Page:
Sunday, June 23, 2013
Nazarene General Assembly - Day 4
Sarah arrived Friday night, so some of the main agenda items for us for Saturday were meeting with old friends. First we by the Northwest Nazarene University booth to reconnect with Julene Tegerstrand (whom we spent time with at Korea Nazarene University). Then, we had lunch with Matt and Darci Johnson, our good friends from our MidAmerica Nazarene University days. With Matt and Darci we talked about the present and future of our respective churches and discussed the blessed difficulty of having an amazing church in our history (Olathe Christ Community). Most of our friends look back wistfully on those years and that community, and we struggle not to compare our churches to that experience - no matter how good our current churches are. There is something profoundly encouraging and strengthening about spending time with old friends with whom you can connect with the same depth as if no time has passed!
My professional goal for the day was networking with magazine and book editors. I have accomplished more in the past two days with just a few hours of face time than I have accomplished over years of emails. Again, one of the great benefits of General Assembly is simply getting the decision makers from our far flung positions in the same place at the same time.
The focus of the evening service was missions. We called on people to sponsor children, with the goal of sponsoring 1,500 new children that night. I'm eager to find out how many sponsorships were gathered. One sponsored child from the Philippines is now a youth pastor in the USA, and he was able to meet the retired couple who sponsored him throughout his childhood - live on stage. That brought tears to my eyes as I thought about the future of Jibon and Asanti, the two children we sponsor in Bangladesh.
Jerry Porter was the preacher, and he's probably the best missions preacher I know. Also at more than an hour, it was one of the longest sermons I've ever experienced, but to be fair, the whole sermon was punctuated with testimonies from people from around the world about how they've engaged in evangelism, discipleship, and church planting.
We concluded with leaders from around the world bringing in placards with the names of major cities that our local leaders feel called to target with church planting. Porter asked us to commit to pray, to give, or to go in support of our Church's outreach into those cities.
Personally, I felt torn. I wanted to respond. I am a missionary after all. However, I also continue to feel called to our season of US service for many years to come. Finally, when I saw that one of the cities is Dhaka, Bangladesh, I knew that I could commit with my whole heart only to pray. I could not promise to give or to go because of our current limitations and because our local church may choose another partnership. But with tears in my eyes as I looked at the many many cities of more than 1,000,000 people who need a greater Christian presence, and with joy in my heart that I can help the Church of the Nazarene reach the slum children and garment workers of Dhaka, I roamed the room looking for the Dhaka sign so I could give my commitment card. I feel like this is one small way I can continue to keep my Bangladesh brothers and sisters in my heart.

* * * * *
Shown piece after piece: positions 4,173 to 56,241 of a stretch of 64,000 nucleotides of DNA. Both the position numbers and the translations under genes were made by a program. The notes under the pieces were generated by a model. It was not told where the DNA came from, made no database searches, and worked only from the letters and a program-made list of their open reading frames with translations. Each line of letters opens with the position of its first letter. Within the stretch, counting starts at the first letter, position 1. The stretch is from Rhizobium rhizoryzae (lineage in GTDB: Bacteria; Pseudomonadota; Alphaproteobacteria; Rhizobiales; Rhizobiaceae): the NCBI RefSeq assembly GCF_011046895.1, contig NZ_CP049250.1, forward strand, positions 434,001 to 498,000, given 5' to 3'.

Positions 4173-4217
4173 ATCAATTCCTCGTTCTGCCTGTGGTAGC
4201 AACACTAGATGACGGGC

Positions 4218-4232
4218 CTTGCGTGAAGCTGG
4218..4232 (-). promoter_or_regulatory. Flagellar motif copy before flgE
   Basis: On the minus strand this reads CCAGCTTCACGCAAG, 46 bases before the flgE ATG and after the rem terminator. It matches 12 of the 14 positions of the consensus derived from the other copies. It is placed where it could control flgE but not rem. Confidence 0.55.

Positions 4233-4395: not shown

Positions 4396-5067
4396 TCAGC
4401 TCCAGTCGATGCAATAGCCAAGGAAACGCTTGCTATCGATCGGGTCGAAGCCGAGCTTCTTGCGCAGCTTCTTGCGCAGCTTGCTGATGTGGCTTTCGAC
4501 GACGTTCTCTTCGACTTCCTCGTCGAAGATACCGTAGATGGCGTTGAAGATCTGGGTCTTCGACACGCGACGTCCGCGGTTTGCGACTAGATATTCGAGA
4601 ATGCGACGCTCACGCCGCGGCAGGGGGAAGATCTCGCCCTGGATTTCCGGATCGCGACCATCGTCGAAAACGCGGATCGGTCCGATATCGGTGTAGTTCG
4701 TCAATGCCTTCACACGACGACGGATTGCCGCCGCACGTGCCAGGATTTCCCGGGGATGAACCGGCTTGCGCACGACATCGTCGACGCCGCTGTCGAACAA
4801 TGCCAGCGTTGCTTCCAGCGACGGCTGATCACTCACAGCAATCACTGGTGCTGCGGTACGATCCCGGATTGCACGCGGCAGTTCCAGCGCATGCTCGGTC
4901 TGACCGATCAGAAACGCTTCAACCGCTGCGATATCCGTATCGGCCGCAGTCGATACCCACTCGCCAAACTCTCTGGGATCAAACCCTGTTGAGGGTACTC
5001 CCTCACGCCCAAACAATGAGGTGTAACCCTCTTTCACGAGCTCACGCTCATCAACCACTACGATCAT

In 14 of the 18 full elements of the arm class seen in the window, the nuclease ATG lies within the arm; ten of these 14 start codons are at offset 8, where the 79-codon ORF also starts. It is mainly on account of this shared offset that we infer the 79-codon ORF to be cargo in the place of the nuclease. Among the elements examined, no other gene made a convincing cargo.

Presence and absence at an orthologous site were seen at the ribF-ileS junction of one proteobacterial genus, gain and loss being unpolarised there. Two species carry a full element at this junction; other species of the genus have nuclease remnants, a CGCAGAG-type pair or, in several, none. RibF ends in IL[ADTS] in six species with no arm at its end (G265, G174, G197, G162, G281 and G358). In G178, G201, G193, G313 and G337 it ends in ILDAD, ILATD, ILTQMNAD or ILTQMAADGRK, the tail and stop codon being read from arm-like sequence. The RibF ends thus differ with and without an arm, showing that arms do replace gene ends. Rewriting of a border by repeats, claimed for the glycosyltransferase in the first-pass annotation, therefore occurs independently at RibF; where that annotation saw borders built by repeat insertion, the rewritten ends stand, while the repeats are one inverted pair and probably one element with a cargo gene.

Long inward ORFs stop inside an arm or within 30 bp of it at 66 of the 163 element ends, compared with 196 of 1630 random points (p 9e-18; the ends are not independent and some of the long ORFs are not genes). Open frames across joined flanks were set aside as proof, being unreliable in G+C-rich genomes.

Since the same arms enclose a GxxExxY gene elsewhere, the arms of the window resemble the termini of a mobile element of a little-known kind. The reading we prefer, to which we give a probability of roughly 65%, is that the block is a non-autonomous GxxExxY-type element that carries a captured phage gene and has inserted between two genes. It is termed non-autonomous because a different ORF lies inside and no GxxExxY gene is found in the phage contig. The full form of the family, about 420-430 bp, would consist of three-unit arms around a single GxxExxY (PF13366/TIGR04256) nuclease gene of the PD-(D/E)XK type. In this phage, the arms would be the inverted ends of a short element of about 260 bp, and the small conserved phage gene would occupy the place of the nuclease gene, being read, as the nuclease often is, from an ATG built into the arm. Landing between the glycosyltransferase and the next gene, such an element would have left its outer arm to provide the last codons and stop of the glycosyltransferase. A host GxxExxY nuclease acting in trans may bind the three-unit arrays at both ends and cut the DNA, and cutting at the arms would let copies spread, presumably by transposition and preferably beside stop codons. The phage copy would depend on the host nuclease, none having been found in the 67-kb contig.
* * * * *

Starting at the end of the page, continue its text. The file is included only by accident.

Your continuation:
On a side note, I actually got locked in a stairwell in our hotel. I was trying to exit to the outside from the second floor. I went through a door into a stairwell that said "Emergency Exit." I thought that it was just a fire door locked to the outside but open from the inside. When I went to the first floor exit, it was locked. When I went back to the 2nd floor door I had come through, it was locked, too. There were no other stairs or doors.
Thankfully, I had a smart phone with internet access. I got the number and called the front desk. The attendant told me to go up to the third floor to exit and proceeded to argue with me when I told her that in fact there was no third floor. Evidently, I was in such a rarely used stairwell that none of the staff actually knew where it was. For the next 15 minutes, while the hotel security was looking for me, I pounded on the door until my hand hurt and then moved to banging a car key on the metal part of the door. I felt like I was in a sunken ship in Pearl Harbor. Finally, they found me and set me free, and I had a good story to tell - which will probably find its way into a sermon at some point.